Soon there are other unexplained deaths at the same hospital …. plague, tularaemia, Rocky Mountain spotted fever, influenza. All highly contagious diseases. But there are only a handful of deaths and then they stop. Jack is on a mission. He suspects something is wrong but can't get a handle on it. He is persona non grata at the hospital where the deaths occurred and angers his bosses. He doesn't get fired but finds that a gang in New York has targeted him. First there is a beating to warn him off. Then there are attempts to kill him.
Undeterred by the beating, attempts on his life, and warnings from his employer and co-workers his job is in jeopardy Jack continues his investigation. He believes that the diseases and patient deaths are deliberate. But how are the people being infected? What is the connection? Some of the people who died worked in the hospital supply department and had no contact with patients.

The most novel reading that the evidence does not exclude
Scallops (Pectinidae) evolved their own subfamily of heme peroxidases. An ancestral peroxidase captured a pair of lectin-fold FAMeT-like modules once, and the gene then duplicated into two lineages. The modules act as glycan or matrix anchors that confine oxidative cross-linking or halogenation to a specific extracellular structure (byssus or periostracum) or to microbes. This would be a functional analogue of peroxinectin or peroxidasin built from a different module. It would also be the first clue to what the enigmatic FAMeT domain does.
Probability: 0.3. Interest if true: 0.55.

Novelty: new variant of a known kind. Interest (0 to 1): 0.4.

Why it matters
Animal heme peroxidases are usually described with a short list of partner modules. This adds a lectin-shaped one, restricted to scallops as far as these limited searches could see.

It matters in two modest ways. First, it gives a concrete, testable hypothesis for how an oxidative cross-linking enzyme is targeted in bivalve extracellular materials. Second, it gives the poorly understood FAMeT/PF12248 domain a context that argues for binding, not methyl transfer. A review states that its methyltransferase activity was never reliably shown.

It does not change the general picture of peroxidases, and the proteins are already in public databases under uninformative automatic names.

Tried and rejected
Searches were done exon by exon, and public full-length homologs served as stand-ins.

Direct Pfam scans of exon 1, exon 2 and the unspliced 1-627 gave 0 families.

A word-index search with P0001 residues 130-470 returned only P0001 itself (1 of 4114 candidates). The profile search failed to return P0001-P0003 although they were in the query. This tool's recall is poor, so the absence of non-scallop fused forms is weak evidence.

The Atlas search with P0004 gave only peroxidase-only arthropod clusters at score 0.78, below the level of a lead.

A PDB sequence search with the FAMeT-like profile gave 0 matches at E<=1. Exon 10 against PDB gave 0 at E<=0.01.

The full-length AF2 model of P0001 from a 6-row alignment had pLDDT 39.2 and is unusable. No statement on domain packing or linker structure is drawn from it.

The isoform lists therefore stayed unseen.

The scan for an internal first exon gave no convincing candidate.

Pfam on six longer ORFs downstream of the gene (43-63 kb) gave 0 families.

There was a surprise twist towards the end but overall it is a rather poor ending. It seemed as though the author ran out if ideas and just had to finish the story up. As I mentioned at the beginning this is not great literature. If you are looking for a quick read and have time on your hand it is entertaining but I don't think it won any awards or is likely to.
Wow! This might be the single worst ending to a book that I have ever come across. I won't spoil it for those that may choose to read it, but suffice it to say, Cook set up a very interesting story, and torpedoed it with an absolutely implausible, ridiculous ending.
Have you read any of Robin Cook’s books yet? No? NO??!! Dude!! You have no idea what you’re missing out on! We’re talking epidemic, deadly viruses, panic, conspiracies, drama, confusion, medical negligence, and gangsters! And of course, as with any good medical drama worth its salt, at the center of it all are two competing corporate healthcare giants out to make a quick profit AND an ad company with a near-impossible deadline. If this sounds to you like a heady mix of suspense, intrigue, and holy-crap-hope-this-never-happens-to-us chills, then right you are. Seriously, you have to read this. Contagion is also my first Robin Cook experience, so I won’t judge you for not having read any of his novels yet.